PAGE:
A private investment pool, managed by a professional investment firm.
A hedge fund can be broadly defined as a privately offered fund that is administered by a professional investment management firm (or “hedge fund manager”). The word “hedge” refers to a hedge fund’s ability to hedge the value of the assets it holds (e.g., through the use of options or the simultaneous use of long positions and short sales). However, some hedge funds engage only in “buy and hold” strategies or other strategies that do not involve hedging in the traditional sense. In fact, the term “hedge fund” is used to refer to funds engaging in over 25 different types of investment strategies, that fall in five major groupings: global macro, directional, event driven, relative value and miscellaneous.
Unlike hedge funds, mutual funds are widely available to the general public and therefore must be registered under the Investment Company Act of 1940 and the U.S. Securities Act of 1933. As a result, mutual funds are subject to rigorous SEC oversight and regulation. Mutual funds are limited by regulation in the strategies they can employ (e.g., mutual funds are limited in their ability to engage in short sales and use leverage). Hedge funds, on the other hand, typically qualify for exemptions from registration under the securities laws and therefore generally are not constrained by regulatory limitations on their choice of investment strategies. Whereas mutual funds often seek to realize “relative” returns, that is, they measure their success by comparison to the performance of a benchmark like the S&P 500 stock index; hedge funds typically pursue “absolute returns”, which often are purposefully not correlated to a traditional investment index. In this way, hedge funds can offer investors risk-adjusted returns that are unrelated to the performance of traditional stock and bond investments and therefore diversify and enhance the overall risk-adjusted returns of their investment portfolios. In addition, hedge fund managers typically have a substantial amount of their own capital invested in the funds they manage – often more closely aligning the managers’ interests with those of their investors.
Many hedge fund strategies provide returns to investors that are not correlated to those of traditional stock or bond markets.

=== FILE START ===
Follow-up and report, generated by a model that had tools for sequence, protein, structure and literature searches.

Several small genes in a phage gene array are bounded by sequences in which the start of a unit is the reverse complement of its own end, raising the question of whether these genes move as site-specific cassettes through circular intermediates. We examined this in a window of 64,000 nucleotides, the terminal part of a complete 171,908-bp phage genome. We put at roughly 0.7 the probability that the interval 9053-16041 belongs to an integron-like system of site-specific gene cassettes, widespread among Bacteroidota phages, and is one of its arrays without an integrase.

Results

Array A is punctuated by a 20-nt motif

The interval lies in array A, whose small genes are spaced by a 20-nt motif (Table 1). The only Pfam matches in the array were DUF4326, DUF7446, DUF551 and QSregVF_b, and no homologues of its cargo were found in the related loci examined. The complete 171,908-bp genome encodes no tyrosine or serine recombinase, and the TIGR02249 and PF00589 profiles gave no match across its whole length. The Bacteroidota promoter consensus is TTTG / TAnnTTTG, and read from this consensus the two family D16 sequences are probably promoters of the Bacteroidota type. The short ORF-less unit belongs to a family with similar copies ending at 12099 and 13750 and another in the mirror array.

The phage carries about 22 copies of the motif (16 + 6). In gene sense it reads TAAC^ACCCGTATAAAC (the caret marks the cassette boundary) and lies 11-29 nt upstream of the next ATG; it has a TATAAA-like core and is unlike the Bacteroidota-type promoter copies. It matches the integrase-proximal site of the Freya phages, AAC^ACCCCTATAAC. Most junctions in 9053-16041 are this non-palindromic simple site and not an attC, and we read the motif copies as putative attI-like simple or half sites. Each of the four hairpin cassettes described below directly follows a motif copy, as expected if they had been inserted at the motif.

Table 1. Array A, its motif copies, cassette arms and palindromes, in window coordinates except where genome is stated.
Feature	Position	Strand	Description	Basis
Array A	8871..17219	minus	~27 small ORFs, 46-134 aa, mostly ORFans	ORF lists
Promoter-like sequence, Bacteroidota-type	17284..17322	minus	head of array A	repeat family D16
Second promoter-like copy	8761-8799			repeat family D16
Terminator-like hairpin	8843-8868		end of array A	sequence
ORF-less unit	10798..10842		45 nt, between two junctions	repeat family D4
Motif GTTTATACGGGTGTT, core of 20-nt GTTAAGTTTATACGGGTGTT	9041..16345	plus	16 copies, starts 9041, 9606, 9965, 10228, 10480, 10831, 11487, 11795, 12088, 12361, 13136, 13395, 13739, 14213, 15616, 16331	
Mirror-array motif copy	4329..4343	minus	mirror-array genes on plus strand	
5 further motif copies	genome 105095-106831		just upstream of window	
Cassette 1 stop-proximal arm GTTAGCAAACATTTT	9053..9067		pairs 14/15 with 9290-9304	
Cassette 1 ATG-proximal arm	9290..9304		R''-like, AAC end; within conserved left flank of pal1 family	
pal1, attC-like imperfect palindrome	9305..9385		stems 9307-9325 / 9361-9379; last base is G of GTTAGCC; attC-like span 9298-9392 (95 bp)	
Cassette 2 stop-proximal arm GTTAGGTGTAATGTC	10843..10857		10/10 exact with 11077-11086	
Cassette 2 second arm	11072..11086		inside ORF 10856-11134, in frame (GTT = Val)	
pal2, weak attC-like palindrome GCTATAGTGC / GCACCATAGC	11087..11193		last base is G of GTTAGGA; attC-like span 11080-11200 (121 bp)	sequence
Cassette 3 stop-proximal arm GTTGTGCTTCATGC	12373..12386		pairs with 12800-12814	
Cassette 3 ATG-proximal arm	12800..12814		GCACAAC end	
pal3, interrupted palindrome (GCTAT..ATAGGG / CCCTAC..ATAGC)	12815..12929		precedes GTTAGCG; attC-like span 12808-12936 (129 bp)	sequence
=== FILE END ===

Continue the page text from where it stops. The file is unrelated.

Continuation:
As noted above, hedge funds often are not restricted either contractually or by regulation in their choice of investment strategies. As a result, the hedge fund industry represents a widely varied universe of investment styles and strategies. The major strategies include “macro” or global directional investment strategies; “market-neutral” or arbitrage strategies; long only, short only or long/short strategies for trading in equities; eventdriven strategies, which seek to profit from anticipated events, such as mergers or restructurings; regional strategies, which concentrate on a particular geographic region (such as emerging markets), sector strategies, which focus on a particular industry; and specific asset class strategies (such as currencies). One of the reasons that regulators have restricted retail investors’ access to hedge funds is the more complex risk/reward ratio that these alternative investment strategies can present. A list of over 25 investment strategies and their definitions can be found at the web site for Hedge Fund Research, Inc. (http://www.hedgefundresearch.com/pdf/HFR_Strategy_Definitions.pdf).
Although many hedge fund strategies rely on leverage to achieve desired returns, many do not.
Hedge funds are in the business of seeking and assuming calculated risks in order to achieve the returns desired by their investors. Some hedge funds invest in generally lowrisk strategies, such as securities arbitrage, and leverage their positions in order to offer a reasonable expectation of return. Other hedge funds employ little leverage, particularly where the instruments in which they invest already have a high risk-return tradeoff.
Institutional investors and a restricted class of high net worth individuals.
Domestic and foreign insurance companies, university and charitable endowments, pension funds, banks and other investment funds are among the most significant investors in hedge funds. Because they are not registered for public sale, hedge funds are required by law to limit their U.S. investors to those that satisfy special qualifications under the U.S. securities laws (as described below). Specifically, hedge funds typically comply with one of the following two exclusions of the Investment Company Act of 1940 in order to avoid the need for fund registration:
Section 3(c)(1): This exclusion provides that a fund that sells its shares privately to no more than 100 investors is not subject to regulation as an investment company under the Investment Company Act of 1940. In order to offer the fund’s shares privately (i.e., without registering with the SEC), the fund generally may offer shares only to “accredited investors”, which include banks, business development companies, trusts and other institutional investors as well as natural persons with net worth of $1 million or individual income in excess of $200,000 or joint income in excess of $300,000 in each of the last two years.
Section 3(c)(7): This exclusion provides that an investment pool is not subject to regulation under the Investment Company Act of 1940 if each investor in the pool is a “qualified purchaser”. The term qualified purchaser includes: natural persons who have at least $5 million in investments; persons who, acting for themselves or the accounts of other qualified purchasers, in the aggregate own and invest on a discretionary basis not less than $25 million in investments; certain qualifying trusts and institutional investors.
An increasing recognition that many hedge funds are a valuable diversification tool that can perform well in falling markets.